“We are told they have trained additional officers to reside over renunciation processes.”

The 2011 census found 177,185 people living in England and Wales were born in the US. All American citizens are required to file a tax return on their world-wide income. The rule applies even if they have not visited the US for decades.

The US Internal Revenue Service is likely to discover tax returns have been missed in a number of different scenarios. For example, it may come to light if a citizen applies to renew a passport, is named as a beneficiary in a will or their foreign-based bank complies with new legislation which requires them to notify the US government about all American customers.
Of course, for every American who would give up his or her citizenship rather than pay his or her taxes, there are hundreds thousands of people from everywhere in the world who would do anything to get American citizenship. As an earlier Telegraph look at immigration noted, "The most common reason given by immigrants for wanting to make a home in the US is 'freedom.' It’s what drove the original settlers from Ireland and Italy, and those persecuted by Nazi Germany and the Soviet Union. But many of the repressive policies that Bush was introducing resembled those of the oppressors who had propelled people to come to the US. The 'Patriot Act' gave security forces the power to spy on people’s lives in ways the Stasi once applied in Eastern Germany. Illegal, arbitrary detentions were introduced, à la Pinochet. The use of dogs to terrorize detainees in Burma was aped in Gitmo and Abu Ghraib. The establishment of secret dungeons, or 'black sites,' where fingernail extraction and electrocution could allegedly take place, became a joint venture between government agencies and Egyptian President Mubarak.
Bush’s "war on terror" was also a "war on immigrants," Thousands of "aliens" were imprisoned without trial or access to a lawyer, many just for having Arab-sounding names... [T]he US government has indeed used "denaturalization" to get rid of its dissidents. In 1919, J. Edgar Hoover ordered the arrest of anarchist leader Emma Goldman under the newly passed Anarchist Exclusion Act, revoked her citizenship, and placed her on a ship, nicknamed the Soviet Ark, to Russia. She was never allowed back to the US.

Nearly a century later, in 2004, that same fate befell Yaser Esam Hamdi, a US citizen captured in Afghanistan in 2001. The Bush Administration imprisoned Hamdi in Guantanamo bay as an "an illegal enemy combatant," but made no formal charges for three years. Under pressure from human rights groups, Bush’s officials agreed to deport Hamdi to Saudi Arabia, as long as he renounced his citizenship. When Hamdi refused to give up his passport, the Justice Department revoked it anyway.

And then, in 2007, Rice’s State Department released a list of new “potentially expatriating acts,” including treason.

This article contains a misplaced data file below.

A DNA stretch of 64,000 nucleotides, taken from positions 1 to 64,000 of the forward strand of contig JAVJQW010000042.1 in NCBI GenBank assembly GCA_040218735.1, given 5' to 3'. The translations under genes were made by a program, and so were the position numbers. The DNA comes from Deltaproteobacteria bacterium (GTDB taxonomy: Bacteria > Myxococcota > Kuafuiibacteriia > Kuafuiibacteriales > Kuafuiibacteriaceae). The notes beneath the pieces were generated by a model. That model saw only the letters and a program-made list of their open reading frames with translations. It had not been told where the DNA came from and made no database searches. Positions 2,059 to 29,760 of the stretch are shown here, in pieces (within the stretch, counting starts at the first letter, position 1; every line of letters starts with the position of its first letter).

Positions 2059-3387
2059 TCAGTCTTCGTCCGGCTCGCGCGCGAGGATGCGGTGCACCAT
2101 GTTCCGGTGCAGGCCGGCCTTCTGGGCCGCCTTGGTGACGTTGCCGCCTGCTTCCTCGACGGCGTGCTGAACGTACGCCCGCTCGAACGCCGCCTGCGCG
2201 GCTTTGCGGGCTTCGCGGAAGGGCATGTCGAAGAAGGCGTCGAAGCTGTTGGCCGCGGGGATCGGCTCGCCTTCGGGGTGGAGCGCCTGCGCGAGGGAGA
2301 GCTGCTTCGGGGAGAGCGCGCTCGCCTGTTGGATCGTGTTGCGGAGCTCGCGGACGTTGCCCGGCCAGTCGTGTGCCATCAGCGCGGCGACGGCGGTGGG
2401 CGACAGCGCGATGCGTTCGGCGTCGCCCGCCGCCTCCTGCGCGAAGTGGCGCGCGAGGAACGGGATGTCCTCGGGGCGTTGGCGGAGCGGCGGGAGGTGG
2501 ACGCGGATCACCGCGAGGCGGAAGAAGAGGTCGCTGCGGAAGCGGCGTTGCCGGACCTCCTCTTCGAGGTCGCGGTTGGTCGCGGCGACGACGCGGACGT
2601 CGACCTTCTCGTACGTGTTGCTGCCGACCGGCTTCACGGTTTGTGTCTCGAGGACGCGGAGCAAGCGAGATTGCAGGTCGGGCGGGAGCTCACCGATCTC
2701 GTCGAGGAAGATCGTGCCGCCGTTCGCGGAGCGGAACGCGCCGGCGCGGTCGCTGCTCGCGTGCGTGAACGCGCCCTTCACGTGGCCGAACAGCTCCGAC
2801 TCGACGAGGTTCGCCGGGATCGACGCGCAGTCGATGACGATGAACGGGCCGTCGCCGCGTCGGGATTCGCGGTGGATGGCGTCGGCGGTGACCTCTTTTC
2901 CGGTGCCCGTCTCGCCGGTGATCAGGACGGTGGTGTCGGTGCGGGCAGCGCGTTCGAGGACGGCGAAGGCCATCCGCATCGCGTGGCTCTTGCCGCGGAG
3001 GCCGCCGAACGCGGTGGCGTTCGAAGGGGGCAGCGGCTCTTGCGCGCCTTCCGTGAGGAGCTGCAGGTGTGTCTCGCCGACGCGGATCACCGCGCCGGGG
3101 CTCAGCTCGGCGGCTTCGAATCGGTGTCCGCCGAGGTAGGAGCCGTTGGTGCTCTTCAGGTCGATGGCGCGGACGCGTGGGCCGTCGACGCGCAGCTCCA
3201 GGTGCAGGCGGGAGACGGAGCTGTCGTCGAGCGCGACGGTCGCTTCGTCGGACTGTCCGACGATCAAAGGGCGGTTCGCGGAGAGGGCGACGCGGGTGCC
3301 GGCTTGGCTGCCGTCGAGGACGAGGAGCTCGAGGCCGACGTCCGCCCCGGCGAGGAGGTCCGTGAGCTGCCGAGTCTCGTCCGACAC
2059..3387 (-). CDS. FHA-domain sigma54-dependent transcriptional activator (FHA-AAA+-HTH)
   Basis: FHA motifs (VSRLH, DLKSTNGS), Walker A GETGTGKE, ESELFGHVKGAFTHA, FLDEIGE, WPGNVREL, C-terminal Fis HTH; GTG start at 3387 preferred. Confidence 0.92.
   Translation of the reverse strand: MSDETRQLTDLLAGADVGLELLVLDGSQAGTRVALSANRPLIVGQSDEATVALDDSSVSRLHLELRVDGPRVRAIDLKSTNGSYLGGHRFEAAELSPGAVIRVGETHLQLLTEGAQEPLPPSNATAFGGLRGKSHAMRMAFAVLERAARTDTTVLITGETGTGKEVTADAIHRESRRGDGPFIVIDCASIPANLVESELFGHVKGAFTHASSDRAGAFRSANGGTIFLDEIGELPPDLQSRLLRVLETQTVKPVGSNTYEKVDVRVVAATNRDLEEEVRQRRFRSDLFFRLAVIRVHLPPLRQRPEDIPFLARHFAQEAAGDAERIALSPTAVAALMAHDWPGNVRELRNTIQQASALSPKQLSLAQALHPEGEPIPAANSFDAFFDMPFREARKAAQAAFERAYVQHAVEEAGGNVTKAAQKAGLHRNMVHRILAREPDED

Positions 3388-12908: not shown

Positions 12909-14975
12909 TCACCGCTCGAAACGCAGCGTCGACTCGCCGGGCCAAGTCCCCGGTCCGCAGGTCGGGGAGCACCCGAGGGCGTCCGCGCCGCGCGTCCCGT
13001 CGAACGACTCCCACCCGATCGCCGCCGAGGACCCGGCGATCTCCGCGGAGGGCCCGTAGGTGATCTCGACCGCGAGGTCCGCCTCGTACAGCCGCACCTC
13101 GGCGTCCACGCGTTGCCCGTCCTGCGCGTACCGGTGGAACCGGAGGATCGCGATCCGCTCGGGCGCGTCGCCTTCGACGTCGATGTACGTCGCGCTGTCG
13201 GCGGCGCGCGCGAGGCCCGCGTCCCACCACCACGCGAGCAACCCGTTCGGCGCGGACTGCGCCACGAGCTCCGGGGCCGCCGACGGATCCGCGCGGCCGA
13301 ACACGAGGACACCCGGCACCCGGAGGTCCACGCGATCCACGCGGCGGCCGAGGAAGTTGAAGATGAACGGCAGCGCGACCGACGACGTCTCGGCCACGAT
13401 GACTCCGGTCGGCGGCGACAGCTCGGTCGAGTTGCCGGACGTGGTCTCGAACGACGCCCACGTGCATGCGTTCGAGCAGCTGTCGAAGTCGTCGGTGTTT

The E.U. has been in the process of making the wise decision over the past couple of years to curb bonuses for banksters and that's about to kick in-- as it is in Switzerland, a non-member. So I suspect banksters aren't among those rushing to renounce their U.S. citizenship over taxes.
The European Union moved to slap a strict limit on bank executives' bonuses in the latest effort to curb what is seen by many as corporate and banking excess.

Negotiators for the European Parliament and EU states said they reached a preliminary deal on a measure that would forbid bonuses that exceed a bankers' fixed salary. Flexible pay could increase to twice fixed salary, but only with explicit shareholder approval.

The initiative, part of a broader law that forces lenders to build up more-robust financial cushions, is designed to reduce incentives for the type of risky behavior widely blamed for contributing to the 2008 financial crisis.

The EU push comes as Swiss voters will indicate on Sunday just how deep their resentment of big executive paychecks runs when they vote on a controversial plan that would give shareholders sweeping authority over executive compensation.

The 24 items contained in the Swiss referendum, dubbed the "rip-off" initiative, would allow shareholders to block salaries, ban so-called golden handshakes and parachutes-- forms of guaranteed parting packages-- and require greater transparency on loans and pensions to executives and directors. The measure includes fines and prison sentences for violations.

The moves in Brussels and in Switzerland, if successful, would represent the most intrusive intervention yet into how banks and corporations compensate employees and executives-- an issue that was for years considered an internal corporate matter.

The EU pay limits would apply to all European banks, including their operations abroad, as well as U.S. and other foreign banks' subsidiaries in the EU, officials representing both member states and the Parliament said. That provision may be reviewed in a few years' time, they added.
I guess greedy banksters can always move to China. I hope they do. Rush Limbaugh lives in Costa Rica now, right?

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At 6:13 AM, Anonymous Anonymous said...

Oh, if only. We can't get rid of these economic terrorists and traitors to democracy fast enough.

And they're so damned dumb! You'd think they would understand that FDR saved capitalism for them by helping the have-nots just a little. You'd think they would remember the French Revolution. When the rabble are desperate enough, all the walls and militarized private security in the world won't save you.

At 9:52 PM, Blogger John said...

To Anon:

Unfortunately, in the realm of "global capitalism" one's renunciation of American citizenship relates ONLY to tax obligations, But effect of the renouncers' economic terrorism on America does NOT, at all, necessarily diminish with diminished tax liability.

John Puma